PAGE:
[spambayes-dev] RE: [Spambayes] question regarding training

Tony Meyer tameyer at ihug.co.nz
Thu Aug 12 09:47:12 CEST 2004

> My sense is that when users have an imbalance problem,
> overwhelmingly the situation is that of this user, i.e. more 
> spam than ham. I'm about to say a couple of things that 
> depend on that assumption, so I just want to state it.

I would agree with that assumption, in general.

>> Firstly, if you are not already, then doing "train on mistakes"
>> is a good idea. This should reduce the imbalance, and make it
>> grow less quickly.
> I don't see why.

True, train-on-mistakes might not reduce the imbalance compared to
train-on-everything.  This would only be true if the percentage of mistakes
that are spam is lower than the percentage of incoming mail that is spam.  I
should really have used "might" instead of "should" there.  In some cases,
it will, however.

The imbalance almost certainly will grow less quickly, though, because the
database size will grow much, much slower.

> The expectation should be that users will
> tune their cutoff values so that most of what goes into the 
> unsure folder is spam. If a user then processes every unsure 
> message into the database, this will increase, not decrease, 
> the imbalance.

I'm not sure that there is an expectation that users will so tune the
cutoffs, but I could be wrong.  I like my cutoffs so that most of what goes
in the unsure folder is unsure (I don't mean that facetiously - mail that
*I* am also unsure about).  I believe it would be fair to say that unsure
messages tend toward spam, and I think I've seen work that shows that ham
tends to be more homogenous than spam (which makes much logical sense,
although logical sense has little to do with any of this <wink>).  I
wouldn't expect though for a user to raise the ham cutoff to reduce the
amount of ham in the unsure folder, though (to me an unsure ham is much
better than a false negative).

I think one of the main ways that people can help the imbalance, if they are
already doing train-on-mistakes, is reducing the spam threshold a bit.  Both
Outlook and non- ship with a cutoff of 0.9, and I think quite a few people
can get much less spam in their unsure box with a rate more like 0.8.

> Depending (possibly) on your settings, moving messages to the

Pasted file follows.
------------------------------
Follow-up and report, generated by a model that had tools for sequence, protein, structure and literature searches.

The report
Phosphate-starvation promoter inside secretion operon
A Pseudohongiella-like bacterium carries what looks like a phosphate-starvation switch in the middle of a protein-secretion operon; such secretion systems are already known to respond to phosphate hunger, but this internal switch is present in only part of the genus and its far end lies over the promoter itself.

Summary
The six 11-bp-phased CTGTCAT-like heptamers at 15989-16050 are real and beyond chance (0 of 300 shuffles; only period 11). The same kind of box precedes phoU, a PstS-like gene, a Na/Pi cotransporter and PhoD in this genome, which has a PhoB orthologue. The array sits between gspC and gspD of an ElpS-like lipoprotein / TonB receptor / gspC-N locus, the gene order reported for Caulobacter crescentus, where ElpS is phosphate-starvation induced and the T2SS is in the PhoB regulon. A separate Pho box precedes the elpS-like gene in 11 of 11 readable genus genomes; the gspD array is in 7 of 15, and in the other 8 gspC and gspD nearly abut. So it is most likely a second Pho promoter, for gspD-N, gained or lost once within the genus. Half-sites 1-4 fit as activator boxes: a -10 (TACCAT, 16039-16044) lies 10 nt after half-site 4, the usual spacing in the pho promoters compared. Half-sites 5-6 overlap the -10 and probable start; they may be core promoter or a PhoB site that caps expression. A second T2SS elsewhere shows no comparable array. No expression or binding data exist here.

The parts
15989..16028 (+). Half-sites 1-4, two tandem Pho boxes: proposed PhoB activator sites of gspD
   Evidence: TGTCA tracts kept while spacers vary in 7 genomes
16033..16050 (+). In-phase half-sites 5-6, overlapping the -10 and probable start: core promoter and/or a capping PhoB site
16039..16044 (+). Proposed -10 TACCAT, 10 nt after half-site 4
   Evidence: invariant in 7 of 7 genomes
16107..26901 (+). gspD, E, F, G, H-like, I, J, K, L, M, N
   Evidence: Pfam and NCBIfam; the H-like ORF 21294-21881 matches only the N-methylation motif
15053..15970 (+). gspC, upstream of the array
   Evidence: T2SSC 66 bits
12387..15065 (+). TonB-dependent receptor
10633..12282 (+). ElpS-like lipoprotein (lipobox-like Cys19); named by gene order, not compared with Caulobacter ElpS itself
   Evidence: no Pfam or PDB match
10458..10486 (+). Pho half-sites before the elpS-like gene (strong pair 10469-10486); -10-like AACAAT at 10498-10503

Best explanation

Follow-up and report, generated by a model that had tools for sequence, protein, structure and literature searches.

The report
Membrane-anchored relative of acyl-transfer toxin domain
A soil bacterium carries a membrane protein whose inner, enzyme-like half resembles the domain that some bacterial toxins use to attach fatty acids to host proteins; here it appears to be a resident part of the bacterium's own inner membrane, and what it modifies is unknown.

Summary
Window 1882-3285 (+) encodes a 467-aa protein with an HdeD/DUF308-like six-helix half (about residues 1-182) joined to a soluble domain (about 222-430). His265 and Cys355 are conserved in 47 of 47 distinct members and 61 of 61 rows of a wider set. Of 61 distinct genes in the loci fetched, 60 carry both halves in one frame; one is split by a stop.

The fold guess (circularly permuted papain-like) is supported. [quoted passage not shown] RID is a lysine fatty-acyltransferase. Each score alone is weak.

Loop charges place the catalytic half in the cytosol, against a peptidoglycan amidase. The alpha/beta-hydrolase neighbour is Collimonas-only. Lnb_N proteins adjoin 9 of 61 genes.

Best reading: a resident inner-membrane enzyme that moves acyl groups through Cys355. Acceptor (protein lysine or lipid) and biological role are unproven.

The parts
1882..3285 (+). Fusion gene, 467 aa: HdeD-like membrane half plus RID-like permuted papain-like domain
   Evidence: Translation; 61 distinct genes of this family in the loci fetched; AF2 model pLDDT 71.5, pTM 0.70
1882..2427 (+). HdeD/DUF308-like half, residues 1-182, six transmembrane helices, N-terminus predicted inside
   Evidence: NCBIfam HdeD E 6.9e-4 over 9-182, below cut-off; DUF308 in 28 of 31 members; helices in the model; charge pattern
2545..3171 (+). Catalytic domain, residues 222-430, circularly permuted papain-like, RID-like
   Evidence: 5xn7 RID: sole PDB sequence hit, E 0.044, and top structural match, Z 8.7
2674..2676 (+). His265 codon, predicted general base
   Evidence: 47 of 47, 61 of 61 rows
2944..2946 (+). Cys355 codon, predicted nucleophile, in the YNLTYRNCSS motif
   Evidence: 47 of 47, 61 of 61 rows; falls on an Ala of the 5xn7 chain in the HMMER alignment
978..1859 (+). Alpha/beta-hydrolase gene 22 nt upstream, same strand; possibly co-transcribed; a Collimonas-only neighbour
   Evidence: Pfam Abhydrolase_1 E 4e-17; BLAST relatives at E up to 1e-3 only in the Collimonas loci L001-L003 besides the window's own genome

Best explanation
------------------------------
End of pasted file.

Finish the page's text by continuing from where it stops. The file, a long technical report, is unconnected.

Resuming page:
> spam folder, even manually, will process them into the 
> database. Right?

Yes, my mistake.  I long-ago turned off both the incremental training
options, and so ofttimes forget about them.  For me, manually moving a
message to the spam folder does no training, but by default it will.

> To me, the solution to the problem seems obvious and almost
> absurdly easy to implement: When the imbalance reaches a 
> certain level (determined by the Spambayes gurus), have the 
> program start training on every nth message it classifies as 
> ham. Do this until the desired balance is restored.

A while back now, I tried doing testing with various forms of auto-balancing
training.  The results were terrible.  I never managed to find time to
figure out why and how to resolve that, although I'd still like to.  In
fact, there is a feature request tracker still open (even assigned to me, I
think) that requests some sort of auto-balancing.

More recently, the reported success (by Skip with SpamBayes, and by others
with other things) of training-to-exhaustion, which implicitly keeps the
database balanced, makes me want to try that out, both with more testing and
in some sort of integrated fashion with sb_server/Outlook.

I did not try the exact scheme outlined above when I was doing my testing.
It would be easy enough to do so, if only the time was available.  If anyone
would like to run the incremental testing setup, I'm happy to write the
above into an appropriate regime.

=Tony Meyer

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